Integrate structured data into wiki syntax

TL;DR: It is a good long-term strategic goal, but too far-fetched for now, and a global templates repository will be a necessary step towards implementing it.

Another proposal that is somewhat similar to “Evolving wikitext” is making wiki syntax more structured for data, as middle ground between the current, mostly structureless wikitext and a completely structured storage such as Wikidata. It is described on the page User:Tgr (WMF)/structured article data.

This is a valid proposal, and it addresses the need to balance between some communities’ desire to control the information locally in the pages and the need to process structured information semantically by software. However, like the “Evolving wikitext” proposal and some other proposals described on this page, it does not address the needs of the wikis that do not have people who have the necessary skills to maintain highly technical templates.

This proposal does not contradict the Global templates proposal, and both can be implemented. However, if this proposal is implemented without also making templates global, then at least in the foreseeable future it will most likely be used only in the largest wikis.

Allow writing modules in JavaScript

TL;DR: It resolves different problems, but not the one in question.

There have been several proposals to allow writing Scribunto modules in languages other than Lua, most notably in JavaScript. For an example see タスク T61101 and slide 18 in the aforementioned Let's Completely Change How Templates Work! presentation.

This is a valid proposal. More people know JavaScript than Lua, so it should make module development accessible to more people, and the number of module developers may grow.

Yet again, however, this will only affect communities that have developers as members. Wiki communities in many other languages do not have any developers at all, so they will not enjoy the fruits of this feature.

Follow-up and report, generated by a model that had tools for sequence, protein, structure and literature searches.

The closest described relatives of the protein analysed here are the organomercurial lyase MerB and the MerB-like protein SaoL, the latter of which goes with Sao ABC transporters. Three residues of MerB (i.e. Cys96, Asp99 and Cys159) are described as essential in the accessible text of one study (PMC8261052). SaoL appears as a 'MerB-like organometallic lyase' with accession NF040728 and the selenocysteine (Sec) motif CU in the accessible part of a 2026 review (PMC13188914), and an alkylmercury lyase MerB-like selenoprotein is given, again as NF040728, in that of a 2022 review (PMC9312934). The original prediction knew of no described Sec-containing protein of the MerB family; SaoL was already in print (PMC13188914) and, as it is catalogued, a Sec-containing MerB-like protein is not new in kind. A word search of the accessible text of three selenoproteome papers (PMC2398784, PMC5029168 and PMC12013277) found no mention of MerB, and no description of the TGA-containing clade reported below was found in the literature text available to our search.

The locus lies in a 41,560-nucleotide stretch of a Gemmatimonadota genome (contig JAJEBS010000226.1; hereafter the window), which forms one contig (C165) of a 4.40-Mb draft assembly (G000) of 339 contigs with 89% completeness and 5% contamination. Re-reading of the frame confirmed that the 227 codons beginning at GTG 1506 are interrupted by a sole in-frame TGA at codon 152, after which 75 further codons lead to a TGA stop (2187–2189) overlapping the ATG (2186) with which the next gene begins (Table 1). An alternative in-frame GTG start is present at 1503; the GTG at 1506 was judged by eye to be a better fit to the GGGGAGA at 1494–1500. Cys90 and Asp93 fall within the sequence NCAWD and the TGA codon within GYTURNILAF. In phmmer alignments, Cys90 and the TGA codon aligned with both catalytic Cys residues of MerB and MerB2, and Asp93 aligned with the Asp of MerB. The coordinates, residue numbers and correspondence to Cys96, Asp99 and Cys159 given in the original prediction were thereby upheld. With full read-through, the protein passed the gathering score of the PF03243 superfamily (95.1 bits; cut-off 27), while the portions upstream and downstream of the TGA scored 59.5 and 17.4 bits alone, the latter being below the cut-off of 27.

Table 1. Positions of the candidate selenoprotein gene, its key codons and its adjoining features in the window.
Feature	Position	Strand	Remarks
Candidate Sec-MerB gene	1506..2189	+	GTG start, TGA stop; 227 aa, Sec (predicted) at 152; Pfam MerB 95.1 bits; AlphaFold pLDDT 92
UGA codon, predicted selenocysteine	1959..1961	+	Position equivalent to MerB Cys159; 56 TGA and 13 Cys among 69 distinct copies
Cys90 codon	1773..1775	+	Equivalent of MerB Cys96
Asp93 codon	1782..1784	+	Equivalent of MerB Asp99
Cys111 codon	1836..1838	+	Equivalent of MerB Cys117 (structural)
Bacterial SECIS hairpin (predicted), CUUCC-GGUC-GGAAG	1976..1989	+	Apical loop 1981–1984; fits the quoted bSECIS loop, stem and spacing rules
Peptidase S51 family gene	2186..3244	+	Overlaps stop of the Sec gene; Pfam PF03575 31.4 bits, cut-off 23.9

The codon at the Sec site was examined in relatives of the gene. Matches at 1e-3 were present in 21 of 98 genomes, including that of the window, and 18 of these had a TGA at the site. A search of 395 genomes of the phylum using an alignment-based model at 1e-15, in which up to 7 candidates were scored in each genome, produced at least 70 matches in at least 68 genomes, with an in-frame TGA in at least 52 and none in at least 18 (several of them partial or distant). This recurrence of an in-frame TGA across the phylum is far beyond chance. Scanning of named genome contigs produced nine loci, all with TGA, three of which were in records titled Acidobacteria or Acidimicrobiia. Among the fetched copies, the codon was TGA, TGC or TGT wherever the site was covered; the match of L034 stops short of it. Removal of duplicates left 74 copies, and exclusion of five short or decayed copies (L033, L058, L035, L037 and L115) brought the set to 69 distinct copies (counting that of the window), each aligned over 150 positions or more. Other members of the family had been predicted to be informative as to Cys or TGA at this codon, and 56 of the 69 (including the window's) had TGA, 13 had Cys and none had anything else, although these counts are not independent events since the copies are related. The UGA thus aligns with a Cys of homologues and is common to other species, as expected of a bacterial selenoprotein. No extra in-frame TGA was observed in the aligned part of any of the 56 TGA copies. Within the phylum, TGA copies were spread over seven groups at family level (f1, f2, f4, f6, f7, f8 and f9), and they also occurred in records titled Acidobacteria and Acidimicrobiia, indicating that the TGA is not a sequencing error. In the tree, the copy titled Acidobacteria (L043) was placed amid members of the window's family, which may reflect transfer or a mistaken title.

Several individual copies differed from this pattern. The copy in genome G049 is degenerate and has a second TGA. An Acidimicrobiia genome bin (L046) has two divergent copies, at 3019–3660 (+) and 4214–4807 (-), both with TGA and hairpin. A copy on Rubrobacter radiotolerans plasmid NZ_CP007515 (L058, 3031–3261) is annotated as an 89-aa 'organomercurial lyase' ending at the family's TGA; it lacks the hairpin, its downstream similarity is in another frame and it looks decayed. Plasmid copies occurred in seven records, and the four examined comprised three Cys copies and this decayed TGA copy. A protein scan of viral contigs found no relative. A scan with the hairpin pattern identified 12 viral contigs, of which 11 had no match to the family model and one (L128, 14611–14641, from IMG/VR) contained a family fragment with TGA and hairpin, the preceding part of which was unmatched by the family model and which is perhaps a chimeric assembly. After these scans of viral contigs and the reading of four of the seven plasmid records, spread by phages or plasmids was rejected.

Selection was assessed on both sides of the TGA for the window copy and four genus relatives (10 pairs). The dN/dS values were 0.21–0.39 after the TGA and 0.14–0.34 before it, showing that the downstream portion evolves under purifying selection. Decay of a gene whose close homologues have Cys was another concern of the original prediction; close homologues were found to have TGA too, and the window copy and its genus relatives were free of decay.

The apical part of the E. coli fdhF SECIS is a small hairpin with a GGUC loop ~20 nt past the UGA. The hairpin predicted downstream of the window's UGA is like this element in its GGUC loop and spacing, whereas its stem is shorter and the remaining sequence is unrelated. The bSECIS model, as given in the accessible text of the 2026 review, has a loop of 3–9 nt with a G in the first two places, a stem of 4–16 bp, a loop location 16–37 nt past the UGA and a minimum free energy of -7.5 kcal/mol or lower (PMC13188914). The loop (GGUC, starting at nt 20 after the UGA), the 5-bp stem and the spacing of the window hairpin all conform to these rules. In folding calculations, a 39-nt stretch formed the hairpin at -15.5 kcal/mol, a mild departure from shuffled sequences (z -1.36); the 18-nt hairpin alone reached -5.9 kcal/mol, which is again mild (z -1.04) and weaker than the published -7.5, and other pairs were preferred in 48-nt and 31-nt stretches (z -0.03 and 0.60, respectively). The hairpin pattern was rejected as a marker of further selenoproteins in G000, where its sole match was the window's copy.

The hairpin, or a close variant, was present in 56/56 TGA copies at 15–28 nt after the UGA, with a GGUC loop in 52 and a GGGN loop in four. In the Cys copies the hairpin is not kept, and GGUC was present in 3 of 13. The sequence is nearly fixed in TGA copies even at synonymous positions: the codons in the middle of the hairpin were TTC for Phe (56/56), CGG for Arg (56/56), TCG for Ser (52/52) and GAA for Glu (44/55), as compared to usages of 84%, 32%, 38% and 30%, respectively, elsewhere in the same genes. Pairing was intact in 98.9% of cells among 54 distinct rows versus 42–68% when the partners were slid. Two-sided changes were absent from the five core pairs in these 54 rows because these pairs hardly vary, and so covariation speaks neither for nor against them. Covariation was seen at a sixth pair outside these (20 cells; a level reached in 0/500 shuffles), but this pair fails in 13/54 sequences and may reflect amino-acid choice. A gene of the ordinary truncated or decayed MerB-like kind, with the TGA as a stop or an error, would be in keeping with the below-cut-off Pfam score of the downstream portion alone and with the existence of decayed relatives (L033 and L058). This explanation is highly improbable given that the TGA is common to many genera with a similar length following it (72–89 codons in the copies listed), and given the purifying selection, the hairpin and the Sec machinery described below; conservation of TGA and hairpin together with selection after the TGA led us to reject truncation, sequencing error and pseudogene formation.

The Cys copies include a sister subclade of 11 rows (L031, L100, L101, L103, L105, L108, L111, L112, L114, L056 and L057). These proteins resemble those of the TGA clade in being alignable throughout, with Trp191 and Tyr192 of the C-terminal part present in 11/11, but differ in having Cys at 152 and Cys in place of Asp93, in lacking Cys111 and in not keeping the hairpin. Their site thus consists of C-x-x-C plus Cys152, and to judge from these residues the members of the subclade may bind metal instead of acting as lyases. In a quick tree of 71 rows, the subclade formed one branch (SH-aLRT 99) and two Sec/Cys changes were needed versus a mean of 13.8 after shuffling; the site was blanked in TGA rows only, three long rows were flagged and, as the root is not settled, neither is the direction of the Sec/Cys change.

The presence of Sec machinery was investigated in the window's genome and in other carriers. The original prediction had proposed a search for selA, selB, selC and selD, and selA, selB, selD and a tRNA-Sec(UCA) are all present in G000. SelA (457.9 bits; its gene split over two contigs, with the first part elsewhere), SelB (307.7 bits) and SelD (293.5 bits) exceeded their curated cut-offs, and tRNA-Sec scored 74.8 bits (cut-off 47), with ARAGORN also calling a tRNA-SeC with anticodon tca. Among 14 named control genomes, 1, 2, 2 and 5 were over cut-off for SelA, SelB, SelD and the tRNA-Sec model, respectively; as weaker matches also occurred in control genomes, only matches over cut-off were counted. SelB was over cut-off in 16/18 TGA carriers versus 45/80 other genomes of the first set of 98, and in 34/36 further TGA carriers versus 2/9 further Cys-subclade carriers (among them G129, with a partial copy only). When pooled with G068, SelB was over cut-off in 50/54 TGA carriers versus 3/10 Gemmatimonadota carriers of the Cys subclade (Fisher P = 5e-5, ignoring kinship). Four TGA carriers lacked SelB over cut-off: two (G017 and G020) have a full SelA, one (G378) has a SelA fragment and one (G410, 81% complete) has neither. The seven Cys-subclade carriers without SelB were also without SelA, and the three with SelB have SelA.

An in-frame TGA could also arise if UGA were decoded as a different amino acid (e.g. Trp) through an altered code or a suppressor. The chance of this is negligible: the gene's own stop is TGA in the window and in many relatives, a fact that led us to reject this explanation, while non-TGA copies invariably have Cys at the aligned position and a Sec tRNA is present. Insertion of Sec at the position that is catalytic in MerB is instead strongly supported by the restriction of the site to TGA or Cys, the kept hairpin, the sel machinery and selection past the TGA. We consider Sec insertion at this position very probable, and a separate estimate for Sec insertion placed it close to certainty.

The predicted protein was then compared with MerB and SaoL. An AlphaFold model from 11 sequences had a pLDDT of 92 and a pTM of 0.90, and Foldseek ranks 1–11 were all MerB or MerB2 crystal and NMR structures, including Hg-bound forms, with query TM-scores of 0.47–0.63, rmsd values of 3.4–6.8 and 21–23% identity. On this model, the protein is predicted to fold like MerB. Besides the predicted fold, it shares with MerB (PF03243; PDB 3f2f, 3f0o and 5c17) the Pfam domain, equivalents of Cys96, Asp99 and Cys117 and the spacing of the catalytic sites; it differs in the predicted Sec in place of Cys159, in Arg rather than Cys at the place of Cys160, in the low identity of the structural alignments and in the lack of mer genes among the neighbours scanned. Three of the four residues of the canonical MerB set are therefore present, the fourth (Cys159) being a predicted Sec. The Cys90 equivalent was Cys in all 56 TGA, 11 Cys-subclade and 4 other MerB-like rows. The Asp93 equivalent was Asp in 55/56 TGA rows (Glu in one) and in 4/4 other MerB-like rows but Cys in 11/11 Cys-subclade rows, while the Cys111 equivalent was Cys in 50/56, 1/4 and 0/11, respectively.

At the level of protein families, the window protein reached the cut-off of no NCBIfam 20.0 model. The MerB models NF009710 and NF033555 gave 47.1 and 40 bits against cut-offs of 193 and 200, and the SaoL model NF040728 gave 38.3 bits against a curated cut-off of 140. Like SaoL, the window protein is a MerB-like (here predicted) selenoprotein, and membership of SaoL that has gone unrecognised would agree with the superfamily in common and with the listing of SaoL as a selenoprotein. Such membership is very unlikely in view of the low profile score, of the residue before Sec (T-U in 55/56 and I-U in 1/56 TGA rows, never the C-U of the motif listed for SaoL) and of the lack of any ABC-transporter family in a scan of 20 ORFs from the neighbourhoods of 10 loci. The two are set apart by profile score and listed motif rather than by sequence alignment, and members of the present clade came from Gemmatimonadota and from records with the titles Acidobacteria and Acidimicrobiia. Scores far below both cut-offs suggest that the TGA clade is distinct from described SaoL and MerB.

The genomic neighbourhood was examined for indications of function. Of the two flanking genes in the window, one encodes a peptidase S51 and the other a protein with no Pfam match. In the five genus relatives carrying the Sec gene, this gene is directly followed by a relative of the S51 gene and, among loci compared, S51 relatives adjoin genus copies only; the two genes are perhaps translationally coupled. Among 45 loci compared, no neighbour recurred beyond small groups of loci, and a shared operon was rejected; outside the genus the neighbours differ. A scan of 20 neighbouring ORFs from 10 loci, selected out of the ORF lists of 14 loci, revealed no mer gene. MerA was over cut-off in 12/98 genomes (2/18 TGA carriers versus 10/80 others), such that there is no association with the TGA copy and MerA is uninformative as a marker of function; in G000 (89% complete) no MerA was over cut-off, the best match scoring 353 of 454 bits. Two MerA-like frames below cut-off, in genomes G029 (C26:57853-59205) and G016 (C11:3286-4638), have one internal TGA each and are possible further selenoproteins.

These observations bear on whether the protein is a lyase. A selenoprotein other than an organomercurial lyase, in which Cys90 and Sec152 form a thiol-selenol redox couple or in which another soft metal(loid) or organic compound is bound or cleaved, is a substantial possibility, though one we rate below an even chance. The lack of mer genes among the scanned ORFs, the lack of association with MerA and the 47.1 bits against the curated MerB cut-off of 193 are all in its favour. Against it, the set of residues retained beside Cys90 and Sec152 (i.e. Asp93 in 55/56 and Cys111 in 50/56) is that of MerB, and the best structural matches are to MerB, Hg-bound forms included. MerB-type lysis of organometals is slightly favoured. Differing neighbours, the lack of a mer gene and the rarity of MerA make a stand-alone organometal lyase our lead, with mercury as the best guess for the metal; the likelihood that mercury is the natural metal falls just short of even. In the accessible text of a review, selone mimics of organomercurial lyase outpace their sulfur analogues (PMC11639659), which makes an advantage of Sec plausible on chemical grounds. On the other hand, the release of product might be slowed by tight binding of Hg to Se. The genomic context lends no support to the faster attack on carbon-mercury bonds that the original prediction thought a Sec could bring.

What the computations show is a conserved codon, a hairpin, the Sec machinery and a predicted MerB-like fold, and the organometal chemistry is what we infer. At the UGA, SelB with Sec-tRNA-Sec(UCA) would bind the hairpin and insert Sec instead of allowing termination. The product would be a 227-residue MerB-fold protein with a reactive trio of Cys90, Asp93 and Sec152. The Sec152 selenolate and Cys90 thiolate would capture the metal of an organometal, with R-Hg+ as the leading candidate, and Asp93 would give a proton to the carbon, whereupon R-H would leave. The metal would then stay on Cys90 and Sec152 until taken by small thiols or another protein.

Make a package management system for easier copying of templates from one project to another

TL;DR: It sounds like a convenient thing for users, but actually it is not scalable and going too far down this path will only complicate things.

At the moment, to copy a template from one wiki to another, the editor needs to export it as a wiki page from the source wiki, including some cascading pages, import it into the target wiki, search the wiki syntax for human-readable strings and translate them, and then fix any remaining errors. The result may work as needed, but it will be a fork of the source template. This is an extremely manual and difficult process, and the results are far from perfect.

Occasionally there are proposals to make something like a package management for templates and modules, so that copying will become easier. However, this will also be a very partial solution. Even if it is done well, it will require running this copying process for each template, whereas a global repository will make all template immediately available with zero extra steps. In fact, the system described on the page Multilingual Templates and Modules, along with the volunteer-developed DiBabel tool, already implements something like this, and while it makes it easier to copy of templates between wikis and perform other steps described on the page the Transition to global templates, it will always require repeated manual steps for every template. This cannot scale for the thousands of templates that have to be shared.